Desiring to have all of their accounts at one location, some business owners like the convenience of going down to their local bank where they already have their business checking account, to sign up for a merchant services account. This requires leaving the place of business and walking into the bank to speak with a representative.
Although this appears to be a good decision because of the convenience, it may not be the best decision. The local bank does not specialize in credit card processing; it only specializes in savings and loans. Therefore, the bank representatives may not be very well versed in the details of processing credit cards and the equipment necessary to accept credit cards.
In most cases, the bank representative will not visit the business owner at his storefront. If the business owner has questions, he must call or visit the bank to receive answers. The business owner must take time out of his day to meet with the bank representative. If the business owner schedules the time for a day when he has to do his normal banking, he may not consider this an inconvenience.
Banks charge additional fees for handling credit card processing. There is an association fee of $150.00 per year on the average that bank customers will have to pay in order to acquire a merchant account from the bank. Some banks have their own merchant accounts while others have to farm the account out to another bank. This could be an inconvenience to the retailer, as there may be delays in getting answers to questions.
The credit card processing companies train their staff in merchant services and can travel to the retailer in order to answer questions. They may also make themselves available through their cell phones. Since this often is their only job and they are not employed by the bank, they can specialize in merchant services and are more knowledgeable about the services.
Therefore, if you are planning on acquiring a merchant service account, and want more customized service, the credit card processing company would be a wise choice.
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Credit Card Processing Fees
When deciding on a merchant services provider, merchants often choose one based on who offers the lowest fees. In order to make the best decision about the fees, owners must know how the fees are assessed.
There are five types of credit card fees. The debit card rate is the lowest rate. This rate is the rate assessed on debit cards. Another name for the debit card is the ATM card. This is the card which is issued by the bank with a checking account and can be used at the ATM machine to deposit or withdraw funds from the checking account by using a PIN number. In order for the customer to use the card, he must use a four digit number assigned to him. The card has a VISA or Master Card logo and can be used as a credit card. When customer uses the debit card with a PIN number when making purchases, the charges are credited as debit card charges and the owner incurs a debit card fee.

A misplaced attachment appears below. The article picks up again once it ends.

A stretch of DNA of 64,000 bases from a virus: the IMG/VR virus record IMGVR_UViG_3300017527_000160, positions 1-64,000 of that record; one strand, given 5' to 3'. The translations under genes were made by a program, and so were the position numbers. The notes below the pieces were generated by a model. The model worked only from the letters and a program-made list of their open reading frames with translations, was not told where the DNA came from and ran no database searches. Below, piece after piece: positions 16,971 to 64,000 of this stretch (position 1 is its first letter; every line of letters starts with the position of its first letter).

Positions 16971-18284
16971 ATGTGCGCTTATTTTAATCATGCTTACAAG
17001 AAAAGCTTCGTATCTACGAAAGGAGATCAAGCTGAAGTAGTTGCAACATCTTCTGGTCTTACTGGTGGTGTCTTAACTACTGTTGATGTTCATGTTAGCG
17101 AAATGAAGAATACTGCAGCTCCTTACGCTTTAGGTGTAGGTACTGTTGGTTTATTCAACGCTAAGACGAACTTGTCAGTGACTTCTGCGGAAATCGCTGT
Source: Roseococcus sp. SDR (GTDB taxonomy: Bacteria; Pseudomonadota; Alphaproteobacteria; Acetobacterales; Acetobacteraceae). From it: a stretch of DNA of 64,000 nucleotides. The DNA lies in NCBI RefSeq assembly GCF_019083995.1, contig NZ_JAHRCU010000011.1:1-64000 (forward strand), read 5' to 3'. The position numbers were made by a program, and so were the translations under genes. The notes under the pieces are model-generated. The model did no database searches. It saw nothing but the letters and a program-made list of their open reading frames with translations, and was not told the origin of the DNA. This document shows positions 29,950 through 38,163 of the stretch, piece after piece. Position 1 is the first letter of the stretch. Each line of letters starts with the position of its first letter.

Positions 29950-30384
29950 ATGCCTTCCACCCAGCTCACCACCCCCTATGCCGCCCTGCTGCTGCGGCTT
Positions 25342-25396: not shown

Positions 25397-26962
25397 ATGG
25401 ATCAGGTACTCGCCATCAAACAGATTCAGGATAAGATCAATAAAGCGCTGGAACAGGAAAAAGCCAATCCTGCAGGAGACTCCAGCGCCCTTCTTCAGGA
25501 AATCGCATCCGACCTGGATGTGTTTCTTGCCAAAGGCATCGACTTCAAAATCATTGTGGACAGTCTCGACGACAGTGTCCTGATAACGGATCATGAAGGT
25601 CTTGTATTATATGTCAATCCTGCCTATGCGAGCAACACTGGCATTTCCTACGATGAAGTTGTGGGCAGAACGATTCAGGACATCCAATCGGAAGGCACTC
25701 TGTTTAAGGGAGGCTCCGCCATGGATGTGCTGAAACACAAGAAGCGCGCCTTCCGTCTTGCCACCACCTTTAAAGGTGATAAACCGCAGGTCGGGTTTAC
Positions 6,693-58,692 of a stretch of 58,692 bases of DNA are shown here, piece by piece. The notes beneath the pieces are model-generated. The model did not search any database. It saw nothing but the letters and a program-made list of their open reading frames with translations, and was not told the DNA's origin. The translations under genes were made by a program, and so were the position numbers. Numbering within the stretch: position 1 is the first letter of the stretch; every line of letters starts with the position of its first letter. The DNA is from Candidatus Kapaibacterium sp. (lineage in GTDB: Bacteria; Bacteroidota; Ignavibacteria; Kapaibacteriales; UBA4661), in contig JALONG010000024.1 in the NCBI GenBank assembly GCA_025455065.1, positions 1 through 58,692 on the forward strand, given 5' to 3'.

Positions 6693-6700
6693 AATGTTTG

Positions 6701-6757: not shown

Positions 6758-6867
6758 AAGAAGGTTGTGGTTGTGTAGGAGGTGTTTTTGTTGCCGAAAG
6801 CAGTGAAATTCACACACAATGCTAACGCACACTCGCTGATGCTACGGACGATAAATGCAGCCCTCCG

If the customer uses the debit card without entering the PIN number into the credit card machine, then the merchant incurs a check card rate for processing the debit card. This rate is almost 60% higher. To avoid this charge, the merchant must purchase a PIN pad for processing debit cards. When the customer enters the PIN number, the card is charged as a debit card. PIN numbers are only used with debit cards.
The qualified rate is charged to an ordinary VISA or Master Card when the customer makes purchases. When the customer uses a VISA or MasterCard with rewards or frequent flyer miles, the merchant incurs a mid-qualified rate. This charge is higher than the qualified rate because the merchant must pay for the frequent flyer miles and rewards for the customer.
The highest rate which the credit card company charges is the non-qualified rate. When the merchant receives a credit card issued to a company or the military, the non-qualified rate applies. It is also assessed on a credit card charge which is taken over the telephone or through a mail order. During theses transactions, the merchant takes the credit card over the telephone or from a purchase order. The credit card is not present at the time of the transaction. The non-qualified rate is the highest rate because it is the most risky. There is a possibility that the company which owns the card may go out of business or the person handling the credit card for the merchant could steal the credit card number. Asheesh Advani states”if your business has a slow sales quarter and you fall behind on your credit card payments, your personal credit rating and your personal ability to borrow are at risk” (Advani, 2005).
In conclusion, there are five different rates charged to the merchant for processing credit card fees. Although the merchants desire the lowest possible fees, this alone should not be criteria for choosing a merchant provider. This will be covered in a future discussion. If you like what you have read here today, I invite you to subscribe to the blog through the RSS feed on this page. This way, you will receive the up-dates as they are published.
Gail Cavanaugh’s Business Solutions
A Happy Ending